9. E-commerce provides a poorer customer experience and generates less consumer loyalty than traditional retailing. Both can be improved over time, making e-commerce a direct threat to traditional retailing.
  10. Untested business models 90% of companies fail at the start of their operations because they do not provide long-term profit and are classified as dot-com businesses.

Advantages of E-Tailing

There are numerous advantages to e-commerce, but for your convenience, we've narrowed the list down to the top three advantages of electronic retailing.

Here are some ways that e-commerce can help your company succeed:

1. Exact product information

How many times have you been browsing a physical store and come across an item of interest, but you couldn't get the attention of a store associate to provide more information or answer some questions? 

Probably too many times to count, but you still remember how frustrating that experience can be and how that frustration can lead to you abandoning the purchase entirely.

Customer's pain points are alleviated by electronic retailing. And, yes, it's worthwhile, given that roughly 70% of customers believe that understanding how products are used is critical to winning their business.

When selling items online, your store can not only provide detailed descriptions of each item, but you can also pair that written information with visual aids.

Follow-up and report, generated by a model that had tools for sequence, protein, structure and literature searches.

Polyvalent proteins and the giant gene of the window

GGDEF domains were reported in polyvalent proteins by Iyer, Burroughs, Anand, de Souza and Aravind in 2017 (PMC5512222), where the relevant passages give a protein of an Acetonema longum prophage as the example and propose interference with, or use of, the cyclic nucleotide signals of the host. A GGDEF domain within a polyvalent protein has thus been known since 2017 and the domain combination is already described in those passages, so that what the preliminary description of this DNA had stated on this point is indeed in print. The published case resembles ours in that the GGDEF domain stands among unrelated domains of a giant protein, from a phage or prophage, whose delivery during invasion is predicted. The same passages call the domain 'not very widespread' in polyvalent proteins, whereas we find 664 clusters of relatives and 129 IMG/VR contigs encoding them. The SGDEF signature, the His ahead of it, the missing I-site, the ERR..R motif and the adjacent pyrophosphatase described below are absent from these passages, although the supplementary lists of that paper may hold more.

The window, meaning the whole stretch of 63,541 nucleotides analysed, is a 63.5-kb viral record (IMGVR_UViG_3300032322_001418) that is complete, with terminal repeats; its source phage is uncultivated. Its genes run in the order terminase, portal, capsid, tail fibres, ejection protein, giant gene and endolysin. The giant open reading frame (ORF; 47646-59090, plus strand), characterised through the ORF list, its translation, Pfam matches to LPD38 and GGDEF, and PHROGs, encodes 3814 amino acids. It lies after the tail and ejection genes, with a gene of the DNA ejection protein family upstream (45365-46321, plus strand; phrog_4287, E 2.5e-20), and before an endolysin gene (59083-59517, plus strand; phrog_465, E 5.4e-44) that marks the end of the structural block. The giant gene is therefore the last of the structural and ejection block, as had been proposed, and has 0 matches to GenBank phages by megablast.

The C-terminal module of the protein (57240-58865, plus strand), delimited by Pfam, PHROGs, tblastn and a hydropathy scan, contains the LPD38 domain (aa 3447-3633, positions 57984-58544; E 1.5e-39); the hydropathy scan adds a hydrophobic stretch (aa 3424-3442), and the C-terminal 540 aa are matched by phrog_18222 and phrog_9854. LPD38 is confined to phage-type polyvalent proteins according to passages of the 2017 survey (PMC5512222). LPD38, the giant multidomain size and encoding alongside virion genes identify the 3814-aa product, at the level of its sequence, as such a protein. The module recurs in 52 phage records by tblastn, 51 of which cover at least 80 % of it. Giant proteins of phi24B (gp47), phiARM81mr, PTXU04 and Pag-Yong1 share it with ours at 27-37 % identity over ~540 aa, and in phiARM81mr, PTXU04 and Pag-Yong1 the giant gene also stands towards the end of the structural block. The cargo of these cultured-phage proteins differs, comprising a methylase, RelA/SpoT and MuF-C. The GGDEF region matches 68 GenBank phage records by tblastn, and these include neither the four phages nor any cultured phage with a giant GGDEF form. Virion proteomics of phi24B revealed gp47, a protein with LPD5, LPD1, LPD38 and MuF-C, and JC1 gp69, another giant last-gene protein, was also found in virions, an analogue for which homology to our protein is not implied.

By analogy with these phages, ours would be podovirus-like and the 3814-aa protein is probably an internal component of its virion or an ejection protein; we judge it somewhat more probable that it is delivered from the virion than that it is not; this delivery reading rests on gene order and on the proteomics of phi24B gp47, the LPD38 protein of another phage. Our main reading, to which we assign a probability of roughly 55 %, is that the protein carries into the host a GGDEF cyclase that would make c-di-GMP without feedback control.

The ability to zoom in on the stitching of a pair of shoes or read every ingredient in a bag of dog food may be enough to sway some online shoppers.

2. Payments are made quickly and easily

Standing in lines is another vexing aspect of in-person shopping. 

It seems like every time you get stuck in a store line, someone at the front of the line is:

  • Asking a million questions
  • Complaining about an expired coupon
  • Wasting everyone's time

Once again, e-commerce comes to the rescue by allowing customers to avoid lines entirely. To prevent your customers from exchanging one frustrating experience for another, make your online store's checkout process as quick and simple as possible.

Part of that is due to having a top-tier merchant service provider (MSP), while the other is due to the way you've designed your purchasing process.

Have clear CTAs (calls to action) so that customers can easily navigate through your store. Choose an MSP that accepts a variety of payment methods, such as:

  • Credit cards
  • PayPal
  • Google Pay

And so on. 

Finally, when it comes to e-commerce payments, invest in creating a strong cybersecurity strategy. Even small businesses can become victims of online predators; don't be one of them!